The photographer to Dr. Erhard Frommhold, Verlag der Kunst, Dresden
Acquired by the present owners from the above, 2006
Other prints of this image:
Paul Strand and Cesare Zavattini, Un Paese: Portrait of an Italian Village (Aperture, 1997), dust jacket and p. 81
Michael E. Hoffman, ed., Paul Strand: Sixty Years of Photographs (Aperture, 1976), p. 75
Maren Strange, ed., Paul Strand, Essays on His Life and Work (Aperture, 1990), p. 256
Sarah Greenough, Paul Strand: An American Vision (Aperture and The National Gallery of Art, Washington, D. C., 1990, in conjunction with the exhibition), p. 129
Frantisek Vrba, SNKLU Series: Paul Strand (Prague, 1961), pl. 59
Anne M. Lyden, In Focus: Paul Strand (Los Angeles: The J. Paul Getty Museum, 2005), pl. 37
Aperture Masters of Photography: Paul Strand (Aperture, 1987), dust jacket
Keith F. Davis, An American Century of Photography: From Dry-Plate to Digital (Kansas City, 1999), pl. 362
'The Family, Luzzara' is the signature image from Strand's photographic portrait of the village of Luzzara, in the Po region of Italy. Disillusioned by McCarthyism and the political situation in the United States, Strand moved to Europe in the early 1950s, seeking new subjects for his work. His examination of different countries abroad resulted in five books, devoted to France, Italy, the Outer Hebrides, Egypt, and Ghana. For his Italian study, Strand settled on one village, Luzzara, suggested by the cinematographer Cesare Zavattini, who had been born there. Accompanied by Zavattini's text, Strand's photographs were published in 1955 in the volume Un Paese (Turin: Giulio Einaudi). The present image was reproduced on that first printing's dust jacket, and has been used as the cover image on many subsequent editions.
Strand's cultural portrait of Luzzara is imbued with the aftermath of war. The matriarch of the present image, Anna Spagiari Lusetti, had been married at 18, and had given birth to 15 children. She had seen her husband beaten for political reasons on more than one occasion, and after his premature death in 1933, she was left to raise the family on her own. All but the youngest of her sons had fought in World War II, not only in Italy, but in France, Greece, Germany, Africa, and England; all endured deprivation and hardship. When the present image was made, the family was eking out a living as sharecroppers on someone else's land.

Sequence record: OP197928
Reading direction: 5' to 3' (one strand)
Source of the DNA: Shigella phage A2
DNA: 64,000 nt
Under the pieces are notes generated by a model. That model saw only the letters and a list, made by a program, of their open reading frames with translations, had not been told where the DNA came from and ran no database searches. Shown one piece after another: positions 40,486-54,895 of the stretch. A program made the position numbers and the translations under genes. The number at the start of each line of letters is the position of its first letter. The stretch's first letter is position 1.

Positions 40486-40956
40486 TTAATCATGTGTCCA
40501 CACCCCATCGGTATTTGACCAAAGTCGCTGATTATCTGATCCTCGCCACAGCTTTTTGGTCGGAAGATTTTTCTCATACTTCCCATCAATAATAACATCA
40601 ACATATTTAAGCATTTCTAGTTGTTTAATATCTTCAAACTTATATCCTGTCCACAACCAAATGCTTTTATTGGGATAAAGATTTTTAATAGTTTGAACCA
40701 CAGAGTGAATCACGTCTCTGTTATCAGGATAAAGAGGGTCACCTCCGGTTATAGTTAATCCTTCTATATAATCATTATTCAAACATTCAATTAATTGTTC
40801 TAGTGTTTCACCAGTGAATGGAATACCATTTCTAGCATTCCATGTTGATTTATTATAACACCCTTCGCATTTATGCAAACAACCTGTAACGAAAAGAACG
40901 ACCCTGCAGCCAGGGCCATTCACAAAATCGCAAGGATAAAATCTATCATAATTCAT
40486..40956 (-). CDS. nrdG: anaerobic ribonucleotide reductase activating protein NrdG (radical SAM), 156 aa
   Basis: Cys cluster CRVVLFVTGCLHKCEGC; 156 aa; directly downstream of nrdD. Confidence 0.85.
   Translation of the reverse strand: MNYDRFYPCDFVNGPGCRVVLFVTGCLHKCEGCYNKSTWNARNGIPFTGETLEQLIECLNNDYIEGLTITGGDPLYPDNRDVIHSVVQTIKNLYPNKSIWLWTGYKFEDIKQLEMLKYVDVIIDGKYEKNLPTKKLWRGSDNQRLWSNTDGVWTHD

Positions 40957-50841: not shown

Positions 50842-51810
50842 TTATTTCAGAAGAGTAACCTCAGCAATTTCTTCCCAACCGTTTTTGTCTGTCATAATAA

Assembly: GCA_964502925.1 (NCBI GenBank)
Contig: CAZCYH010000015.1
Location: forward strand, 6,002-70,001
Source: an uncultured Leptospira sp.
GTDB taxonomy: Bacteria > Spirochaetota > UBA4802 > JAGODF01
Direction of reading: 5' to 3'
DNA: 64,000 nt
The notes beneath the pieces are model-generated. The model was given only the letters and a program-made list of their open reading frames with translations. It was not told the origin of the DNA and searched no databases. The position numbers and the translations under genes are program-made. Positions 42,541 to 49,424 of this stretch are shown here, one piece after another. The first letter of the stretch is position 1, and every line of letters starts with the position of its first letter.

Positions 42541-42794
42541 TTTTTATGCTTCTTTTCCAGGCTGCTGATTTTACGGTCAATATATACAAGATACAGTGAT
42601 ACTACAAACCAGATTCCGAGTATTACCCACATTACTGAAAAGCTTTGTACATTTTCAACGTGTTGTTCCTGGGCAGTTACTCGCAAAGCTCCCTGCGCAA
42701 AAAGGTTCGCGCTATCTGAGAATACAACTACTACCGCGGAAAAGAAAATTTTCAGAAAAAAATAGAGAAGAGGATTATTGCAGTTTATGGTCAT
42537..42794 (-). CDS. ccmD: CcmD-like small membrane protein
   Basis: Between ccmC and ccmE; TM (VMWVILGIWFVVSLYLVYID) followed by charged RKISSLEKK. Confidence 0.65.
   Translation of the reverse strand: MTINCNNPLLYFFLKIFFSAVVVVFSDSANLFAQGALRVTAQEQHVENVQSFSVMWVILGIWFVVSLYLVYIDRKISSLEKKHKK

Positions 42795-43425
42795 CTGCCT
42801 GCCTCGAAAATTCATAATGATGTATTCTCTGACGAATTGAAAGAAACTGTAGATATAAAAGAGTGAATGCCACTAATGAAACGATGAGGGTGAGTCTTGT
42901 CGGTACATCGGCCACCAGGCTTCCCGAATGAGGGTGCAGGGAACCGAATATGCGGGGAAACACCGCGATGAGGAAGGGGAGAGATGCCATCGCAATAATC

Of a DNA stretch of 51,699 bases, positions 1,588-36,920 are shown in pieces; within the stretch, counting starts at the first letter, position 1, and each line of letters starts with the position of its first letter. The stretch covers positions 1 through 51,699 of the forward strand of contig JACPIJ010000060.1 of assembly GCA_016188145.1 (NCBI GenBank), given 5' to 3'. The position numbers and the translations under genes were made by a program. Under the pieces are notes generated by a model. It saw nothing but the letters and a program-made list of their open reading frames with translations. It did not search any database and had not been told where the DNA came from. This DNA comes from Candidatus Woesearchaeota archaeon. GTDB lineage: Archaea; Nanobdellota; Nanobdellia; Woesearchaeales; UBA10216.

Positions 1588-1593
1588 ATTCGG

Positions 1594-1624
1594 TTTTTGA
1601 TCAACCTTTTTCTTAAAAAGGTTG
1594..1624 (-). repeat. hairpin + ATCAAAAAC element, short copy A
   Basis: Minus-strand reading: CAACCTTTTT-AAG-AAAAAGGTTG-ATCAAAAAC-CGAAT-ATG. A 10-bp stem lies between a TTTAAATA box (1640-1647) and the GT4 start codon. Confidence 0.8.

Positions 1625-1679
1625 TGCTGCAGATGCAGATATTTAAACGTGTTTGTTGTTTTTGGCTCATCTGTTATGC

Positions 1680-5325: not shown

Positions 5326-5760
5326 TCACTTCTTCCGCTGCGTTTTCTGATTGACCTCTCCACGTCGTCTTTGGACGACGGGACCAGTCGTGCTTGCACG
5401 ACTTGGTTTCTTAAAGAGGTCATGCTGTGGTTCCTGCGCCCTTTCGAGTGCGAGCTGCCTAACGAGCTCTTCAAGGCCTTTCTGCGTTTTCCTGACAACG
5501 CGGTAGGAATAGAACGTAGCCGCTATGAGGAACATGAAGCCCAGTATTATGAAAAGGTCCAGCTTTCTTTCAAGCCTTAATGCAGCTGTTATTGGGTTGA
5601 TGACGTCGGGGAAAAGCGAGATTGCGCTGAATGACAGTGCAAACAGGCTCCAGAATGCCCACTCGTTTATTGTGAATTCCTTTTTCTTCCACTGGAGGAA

The themes of human suffering and resilience, so much a part of Strand's many cultural studies, is exemplified by the words of Anna Lusetti that formed part of the text for the present image:
'Remo was watching when they beat his father in Via Catania in Campagnola. A car stopped and there were five or six people, it was around five in the evening. Nino says he has never understood why they fought the war. Nino was a prisoner in Africa, where he ended up with his brother Valentino, who was also a prisoner. The first time Afro was on a train was when he went into the service in '43; then he ran away home. Guerrino's health was affected by the blows he received in Germany. Nando was also there, and in order to survive he even ate a rabbit skin. He lives eight kilometers away because there isn't room for everyone in the farmhouse. And it's a house where the rain comes in.
'In 1945 they asked me if I wanted revenge, but I didn't.'
The photograph offered here and in the following lot, as well as those in Lots 195 through 201 and Lot 228, come originally from the collection of Dr. Erich Frommhold, of the Verlag der Kunst firm of Dresden. Founded in 1952, the Verlag der Kunst made its reputation as a publisher of art books of superb quality. Two volumes of Strand's cultural studies carried the Verlag der Kunst imprint: the German editions of Tir a'Mhurain, with text by Basil Davidson (1962), and Living Egypt, with text by James Aldridge (1969). Verlag der Kunst also published books of photographs by Helmar Lerski and John Heartfield.
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